Do local governments groups have an obligation to improve transparency in decision making to the public?
Two more public bodies in Northern New York received poor grades from a government watchdog organization for their adherence to the state’s Open Meetings Law.
The New York Coalition for Open Government “promotes open, transparent government and defends citizens’ right to access information from public institutions at the city, county and state levels,” according to the mission statement on its website. Based in Williamsville, the nonprofit, volunteer group is “comprised of journalists, activists, attorneys, educators, news media organizations, and other concerned citizens who value open government and freedom of information.
“We believe that if government is of the people, by the people and for the people, then it should also be open to the people. Government exists to serve its citizens, so access to public information should be simple,” the organization said on its website. “Freedom of Information Laws and the NY Open Meetings Law make access to public records a right. When government operates openly and honestly, we the people can hold our elected officials accountable, fulfilling our duties as an informed citizenry. The New York Coalition for Open Government works to ensure that all people have full access to government records and proceedings on the city, county and state levels. Such access fosters responsive, accountable government, stimulates civic involvement and builds trust in government.”
The coalition examines how well local governments follow the state’s sunshine laws. In a recent report, the villages of Lowville and Potsdam each received an F for their actions.
“The [coalition’s] village website and meeting documentation study was based on four criteria: meeting minutes posted online in 2020; meeting agendas posted online in February 2021; meeting documents posted online prior to February meetings; and public comment periods,” according to a story published Friday by the Watertown Daily Times. “The criteria were weighted and scored, with meeting minutes and public comment categories each worth 15 points. Meeting agendas and meeting documents for February were each worth 35 points. The total 100 points were parsed into letter grades — 100 points for an A, 85 points for a B, 70 points for a C, 65 points for a D and less than 65 points for an F.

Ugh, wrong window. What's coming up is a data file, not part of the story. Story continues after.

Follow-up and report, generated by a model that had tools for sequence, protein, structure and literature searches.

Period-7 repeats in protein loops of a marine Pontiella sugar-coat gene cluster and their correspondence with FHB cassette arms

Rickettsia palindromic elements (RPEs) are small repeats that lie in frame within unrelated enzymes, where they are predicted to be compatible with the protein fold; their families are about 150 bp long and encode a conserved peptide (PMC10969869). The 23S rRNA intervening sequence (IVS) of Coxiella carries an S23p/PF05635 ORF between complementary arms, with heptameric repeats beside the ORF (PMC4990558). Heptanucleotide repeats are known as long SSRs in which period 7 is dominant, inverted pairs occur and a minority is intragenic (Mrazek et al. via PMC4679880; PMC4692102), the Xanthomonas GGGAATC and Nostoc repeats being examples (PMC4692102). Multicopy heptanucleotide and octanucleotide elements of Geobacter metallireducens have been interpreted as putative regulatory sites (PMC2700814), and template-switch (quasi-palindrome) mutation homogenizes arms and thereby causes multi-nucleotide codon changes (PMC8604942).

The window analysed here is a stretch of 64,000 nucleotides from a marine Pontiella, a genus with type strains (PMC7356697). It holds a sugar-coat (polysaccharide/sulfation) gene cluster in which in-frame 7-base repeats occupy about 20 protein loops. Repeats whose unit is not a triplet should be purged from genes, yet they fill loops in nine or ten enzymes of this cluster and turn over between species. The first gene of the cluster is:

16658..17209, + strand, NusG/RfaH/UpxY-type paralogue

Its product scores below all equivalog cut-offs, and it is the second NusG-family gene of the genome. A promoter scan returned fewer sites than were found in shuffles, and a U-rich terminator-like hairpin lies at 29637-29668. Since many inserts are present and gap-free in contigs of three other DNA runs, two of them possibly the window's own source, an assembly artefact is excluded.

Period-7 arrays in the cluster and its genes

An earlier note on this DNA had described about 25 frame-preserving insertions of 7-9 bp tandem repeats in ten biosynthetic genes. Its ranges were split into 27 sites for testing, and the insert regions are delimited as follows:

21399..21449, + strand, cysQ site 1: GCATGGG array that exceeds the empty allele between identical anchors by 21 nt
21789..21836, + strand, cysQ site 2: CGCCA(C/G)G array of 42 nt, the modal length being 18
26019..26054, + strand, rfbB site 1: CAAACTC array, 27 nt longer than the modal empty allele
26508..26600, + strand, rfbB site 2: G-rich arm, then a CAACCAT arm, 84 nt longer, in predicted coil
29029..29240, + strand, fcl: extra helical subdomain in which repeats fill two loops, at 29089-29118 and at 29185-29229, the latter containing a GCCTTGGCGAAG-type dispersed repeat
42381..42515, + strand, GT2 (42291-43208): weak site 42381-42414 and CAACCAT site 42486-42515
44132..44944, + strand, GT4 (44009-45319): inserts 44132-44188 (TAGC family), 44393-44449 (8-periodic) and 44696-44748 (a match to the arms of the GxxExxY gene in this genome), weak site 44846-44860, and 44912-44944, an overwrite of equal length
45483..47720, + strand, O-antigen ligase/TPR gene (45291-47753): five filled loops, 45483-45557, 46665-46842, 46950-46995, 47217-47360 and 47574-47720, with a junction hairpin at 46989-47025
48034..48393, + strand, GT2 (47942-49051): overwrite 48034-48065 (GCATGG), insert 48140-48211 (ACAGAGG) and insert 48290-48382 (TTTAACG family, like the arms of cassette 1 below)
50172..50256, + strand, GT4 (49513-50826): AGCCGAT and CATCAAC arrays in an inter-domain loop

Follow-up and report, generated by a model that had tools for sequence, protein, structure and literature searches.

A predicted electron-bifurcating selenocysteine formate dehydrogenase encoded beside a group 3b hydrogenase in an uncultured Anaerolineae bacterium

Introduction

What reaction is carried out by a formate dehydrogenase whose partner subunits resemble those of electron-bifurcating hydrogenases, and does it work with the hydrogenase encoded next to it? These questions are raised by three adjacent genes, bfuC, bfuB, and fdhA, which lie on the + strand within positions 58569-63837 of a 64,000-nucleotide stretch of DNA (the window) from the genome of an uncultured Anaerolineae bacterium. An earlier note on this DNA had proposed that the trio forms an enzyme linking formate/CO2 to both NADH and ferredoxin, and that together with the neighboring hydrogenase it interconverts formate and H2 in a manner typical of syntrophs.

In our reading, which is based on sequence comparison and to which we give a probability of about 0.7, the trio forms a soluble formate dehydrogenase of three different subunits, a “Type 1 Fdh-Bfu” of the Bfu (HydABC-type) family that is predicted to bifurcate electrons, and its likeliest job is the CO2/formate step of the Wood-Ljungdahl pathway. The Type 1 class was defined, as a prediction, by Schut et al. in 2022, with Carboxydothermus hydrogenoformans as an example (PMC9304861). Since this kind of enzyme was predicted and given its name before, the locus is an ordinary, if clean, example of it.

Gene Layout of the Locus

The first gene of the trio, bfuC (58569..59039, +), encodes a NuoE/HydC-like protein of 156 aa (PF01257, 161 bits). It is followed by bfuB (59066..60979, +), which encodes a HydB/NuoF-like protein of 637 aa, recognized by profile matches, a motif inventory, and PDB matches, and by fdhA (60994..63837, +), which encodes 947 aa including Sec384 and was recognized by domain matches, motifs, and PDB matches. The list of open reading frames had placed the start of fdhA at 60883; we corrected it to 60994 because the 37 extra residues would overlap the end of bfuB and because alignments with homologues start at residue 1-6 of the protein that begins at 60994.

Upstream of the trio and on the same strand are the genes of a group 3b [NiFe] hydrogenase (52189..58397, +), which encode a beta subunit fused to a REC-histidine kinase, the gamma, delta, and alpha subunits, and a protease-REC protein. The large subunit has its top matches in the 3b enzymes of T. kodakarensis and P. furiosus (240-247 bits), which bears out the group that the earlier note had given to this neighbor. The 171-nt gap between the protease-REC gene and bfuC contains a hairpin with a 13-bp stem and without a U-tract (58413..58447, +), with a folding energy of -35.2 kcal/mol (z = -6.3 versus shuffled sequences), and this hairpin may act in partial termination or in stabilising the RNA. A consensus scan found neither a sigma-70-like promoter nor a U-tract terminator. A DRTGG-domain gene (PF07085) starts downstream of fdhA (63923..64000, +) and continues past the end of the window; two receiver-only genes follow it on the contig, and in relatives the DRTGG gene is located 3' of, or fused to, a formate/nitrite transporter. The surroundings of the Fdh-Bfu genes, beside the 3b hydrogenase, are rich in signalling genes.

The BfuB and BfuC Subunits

“Lowville, population 3,200, earned 30 points by the coalition’s measure for posting all meeting minutes to the village website in 2020 and for allowing public comment. The village did not receive points for its February pre-meeting documentation as the coalition noted an agenda and meeting materials were not posted online,” the article reported. “With a population of roughly 9,000, the village of Potsdam typically hosts Board of Trustees meetings on the first and third Mondays of each month. Potsdam’s failing grade stems from missing online minutes from December that have since been posted. The coalition’s report also notes the village did not post its agenda or meeting documents online prior to last month’s meetings. In 19th place, Potsdam earned a total of 15 points for allowing public comments during its regular meetings.”
Many people will view these as minor infractions not worthy of much attention. And these errors could have well simply been honest mistakes.
However, we all have a stake in how transparent our governmental entities are when conducting business on our behalf. It’s their responsibility to ensure they follow the law designed to keep us informed about what they’re doing. Let’s hope that officials from both Lowville and Potsdam learn from this and recommit themselves to seeing that the public’s business is done in public and accessible to the public.